Format- Game Com (or Game.com, even though the ‘.’ is for some reason supposed to be silent)
Genre- Grid based puzzler
Here’s how my time with Lights Out went down…
1 Minute- After sitting patiently through the Game Com’s overly elaborate mannerisms and intro screens (you’d think it didn’t want you to play any games), I finally get a chance to actually play the game.
1 Minute and one second- I realise I have no idea how to play the game, and spend a while stabbing at the different black and white blobs, as well as the plethora of options on the right side of the screen. Not much happens, I get frustrated and look to the internet for answers.
5 Mins- I learn that the game was orignally a electronic game, and a fairly simple one at that. The Game Com was the only console to have the honor to gain a Tiger ‘conversion’ original. Regarding how the game actually works, it’s something to do with making all the blobs of light on the 5×5 grid unlit or something. Do you really care? I start up the console for another attempt.
6 mins- Console starts, the portable’s robot voice inevitably intones “Game Com Active.” Really? Thanks for letting me know Game Com, I would never have known otherwise.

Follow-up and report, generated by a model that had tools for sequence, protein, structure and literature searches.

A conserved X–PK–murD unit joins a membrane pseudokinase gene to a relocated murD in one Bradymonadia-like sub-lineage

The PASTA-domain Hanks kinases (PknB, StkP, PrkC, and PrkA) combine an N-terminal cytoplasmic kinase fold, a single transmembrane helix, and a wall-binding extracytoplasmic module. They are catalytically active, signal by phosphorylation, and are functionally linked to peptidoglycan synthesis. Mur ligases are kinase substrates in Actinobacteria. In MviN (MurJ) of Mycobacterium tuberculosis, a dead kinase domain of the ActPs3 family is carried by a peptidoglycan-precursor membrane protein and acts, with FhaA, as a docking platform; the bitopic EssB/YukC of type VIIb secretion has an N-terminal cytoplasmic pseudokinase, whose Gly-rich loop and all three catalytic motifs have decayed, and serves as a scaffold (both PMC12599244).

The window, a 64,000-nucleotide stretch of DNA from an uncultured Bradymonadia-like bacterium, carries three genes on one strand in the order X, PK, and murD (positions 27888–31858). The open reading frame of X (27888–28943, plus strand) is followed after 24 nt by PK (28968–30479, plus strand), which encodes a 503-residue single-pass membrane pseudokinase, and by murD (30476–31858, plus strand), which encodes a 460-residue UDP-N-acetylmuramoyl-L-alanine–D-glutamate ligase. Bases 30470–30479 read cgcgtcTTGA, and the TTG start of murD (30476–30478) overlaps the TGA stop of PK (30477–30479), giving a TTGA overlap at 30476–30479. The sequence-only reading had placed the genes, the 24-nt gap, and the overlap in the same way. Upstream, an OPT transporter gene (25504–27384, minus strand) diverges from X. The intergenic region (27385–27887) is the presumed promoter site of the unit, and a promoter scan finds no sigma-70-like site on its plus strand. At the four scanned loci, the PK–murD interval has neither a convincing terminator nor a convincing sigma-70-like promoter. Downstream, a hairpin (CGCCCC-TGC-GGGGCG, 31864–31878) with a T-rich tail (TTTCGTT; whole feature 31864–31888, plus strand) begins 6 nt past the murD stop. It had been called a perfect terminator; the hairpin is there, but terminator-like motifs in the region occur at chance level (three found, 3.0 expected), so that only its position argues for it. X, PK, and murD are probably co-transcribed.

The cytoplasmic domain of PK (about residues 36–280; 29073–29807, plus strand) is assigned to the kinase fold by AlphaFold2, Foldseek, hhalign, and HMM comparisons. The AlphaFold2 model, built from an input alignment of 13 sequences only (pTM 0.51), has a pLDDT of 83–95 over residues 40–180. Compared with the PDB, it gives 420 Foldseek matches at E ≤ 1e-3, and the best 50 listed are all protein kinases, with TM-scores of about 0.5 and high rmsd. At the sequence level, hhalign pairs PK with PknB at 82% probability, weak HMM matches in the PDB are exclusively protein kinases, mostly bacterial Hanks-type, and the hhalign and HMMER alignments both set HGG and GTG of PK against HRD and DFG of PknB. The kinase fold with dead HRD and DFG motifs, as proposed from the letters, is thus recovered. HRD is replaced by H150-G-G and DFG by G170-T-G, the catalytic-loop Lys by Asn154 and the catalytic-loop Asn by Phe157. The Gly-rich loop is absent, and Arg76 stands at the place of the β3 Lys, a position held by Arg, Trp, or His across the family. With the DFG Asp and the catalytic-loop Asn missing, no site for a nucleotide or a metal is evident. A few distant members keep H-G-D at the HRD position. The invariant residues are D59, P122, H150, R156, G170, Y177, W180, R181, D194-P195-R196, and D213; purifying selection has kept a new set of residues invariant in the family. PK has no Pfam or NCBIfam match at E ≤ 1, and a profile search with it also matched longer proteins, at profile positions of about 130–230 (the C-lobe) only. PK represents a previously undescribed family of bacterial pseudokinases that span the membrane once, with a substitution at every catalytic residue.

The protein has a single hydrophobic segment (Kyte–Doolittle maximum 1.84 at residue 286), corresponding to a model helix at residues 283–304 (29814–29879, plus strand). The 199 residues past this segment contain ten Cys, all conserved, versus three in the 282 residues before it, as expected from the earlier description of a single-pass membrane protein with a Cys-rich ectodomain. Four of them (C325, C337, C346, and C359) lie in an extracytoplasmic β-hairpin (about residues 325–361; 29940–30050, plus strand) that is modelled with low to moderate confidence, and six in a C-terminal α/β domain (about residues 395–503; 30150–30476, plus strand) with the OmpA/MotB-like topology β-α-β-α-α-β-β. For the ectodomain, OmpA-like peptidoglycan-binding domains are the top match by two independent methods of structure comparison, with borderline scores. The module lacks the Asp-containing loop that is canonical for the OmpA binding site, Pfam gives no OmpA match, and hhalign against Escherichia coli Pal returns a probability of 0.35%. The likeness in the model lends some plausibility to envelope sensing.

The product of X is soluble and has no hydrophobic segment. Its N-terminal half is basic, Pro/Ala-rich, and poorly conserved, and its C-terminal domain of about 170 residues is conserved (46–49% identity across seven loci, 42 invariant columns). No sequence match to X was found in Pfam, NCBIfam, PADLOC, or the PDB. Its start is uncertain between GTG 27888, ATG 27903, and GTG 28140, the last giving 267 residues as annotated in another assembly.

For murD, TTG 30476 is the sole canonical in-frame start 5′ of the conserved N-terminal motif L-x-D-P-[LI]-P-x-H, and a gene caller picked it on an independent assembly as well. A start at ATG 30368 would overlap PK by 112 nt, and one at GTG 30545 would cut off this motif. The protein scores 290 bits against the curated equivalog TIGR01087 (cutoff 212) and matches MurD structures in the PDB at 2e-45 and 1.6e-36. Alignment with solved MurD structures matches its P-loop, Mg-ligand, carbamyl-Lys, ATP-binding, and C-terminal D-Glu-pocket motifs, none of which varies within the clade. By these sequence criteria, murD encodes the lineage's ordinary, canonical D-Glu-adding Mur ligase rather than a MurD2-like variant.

7 mins- I now know how to play the game, but somehow it’s even more boring now the sense of mystery/irritation is gone. To be fair it does play to the handhelds strengths, but the fact those strengths include an outdated touch-screen and a screen that prefers its game not to have any movement tell you all you really need toknow.
My final thoughts are that this, unsurprisingly, is a poor game and therefore well suited to the Game (.?) Com. But when the portable’s inbuilt version of Solitaire (which will inevitably receive a review when I get desperate) is far superior you know you have a bit of problem.
The game was included with the console though, so nobody loses really. Or wins, whatever.
Under no circumstances would I recommend you actually buy a cartridge by itself. It just isn’t worth it.